Neil Gaiman says that a successful writer must maintain at least two of the following three attributes: they must be good at what they do; they must be a nice person; they must be punctual about deadlines.
My original plan was to be good and punctual, so I wouldn’t have to be nice…
Then I took part-time work.
Granted, I took awesome part-time work. I receive real, actual dollars in exchange for drinking, selling, and learning about tea. It’s a writers dream come true.
But it’s also retail.
And I’m coming off a year of fellowship sabbatical: hermit-like living, where I talked to more trees than people.
So, that means that by the end of my shift, especially if the store is busy, I am worn the hell out. My brain is mush from balancing simultaneous transactions, my feet are sore, and I’ve used up a month’s worth of conversation. I come home completely incapable of producing further facial expressions, force myself to eat something, and count down the hours before bed.
Now, having been a teacher, I know that I’ll get better at extroversion over time, build up stamina. And being an organization-fiend, I’ve already shifted my schedule to accommodate for the way I feel after work–pushing my mindless and restorative tasks to the end of the day and allocating my mornings and days off for editing, forest walks, cooking, and supplemental exercise to strengthen myself for a day on my feet.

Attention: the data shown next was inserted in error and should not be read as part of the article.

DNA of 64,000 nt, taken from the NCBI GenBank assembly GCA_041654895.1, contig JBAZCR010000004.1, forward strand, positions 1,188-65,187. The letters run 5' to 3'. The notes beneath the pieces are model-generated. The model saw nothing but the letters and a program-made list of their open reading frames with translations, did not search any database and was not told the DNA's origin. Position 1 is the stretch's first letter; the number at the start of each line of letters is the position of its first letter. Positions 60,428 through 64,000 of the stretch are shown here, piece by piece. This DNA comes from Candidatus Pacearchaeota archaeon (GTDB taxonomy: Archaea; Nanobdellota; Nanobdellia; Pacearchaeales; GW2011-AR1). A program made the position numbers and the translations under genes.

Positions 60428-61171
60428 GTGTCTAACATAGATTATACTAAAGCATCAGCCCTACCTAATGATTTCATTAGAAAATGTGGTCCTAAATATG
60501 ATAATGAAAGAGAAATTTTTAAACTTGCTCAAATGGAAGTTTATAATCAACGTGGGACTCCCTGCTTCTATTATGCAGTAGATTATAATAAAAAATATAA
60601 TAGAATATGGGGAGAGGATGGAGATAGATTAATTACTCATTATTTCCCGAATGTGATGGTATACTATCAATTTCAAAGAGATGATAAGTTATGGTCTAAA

But it takes a while to really sink into a new schedule, and in the meantime, as I adjust, my editing speeds have plummeted.
It doesn’t help that I’m at the point where I must read all my dialogue and narrative aloud. I’m constantly going into or coming out of a day of chatter, and so the last thing I want to do is chatter even more at home. Plus, it’s hard to judge whether or not your dialogue is convincing when you’re fresh out of emotion.
So, what do you do when faced with these sorts of delays?
You live in them.
Not with them…in them.
You embrace the fact that you have a job when many people do not, and that you like the work that you’re doing, and the way it enables you to buy groceries, books, and fuel. You fight through the fatigue and enjoy the sensation of becoming stronger, learning new skillsets, and meeting new people–a necessary, observational element to writing. And you write/edit when you can, relishing the moments when your mind is clear and you have the time, rather than bemoaning the lack of progress, or panicking.
You take steps, and look forward to the moment where you round the corner and start running again.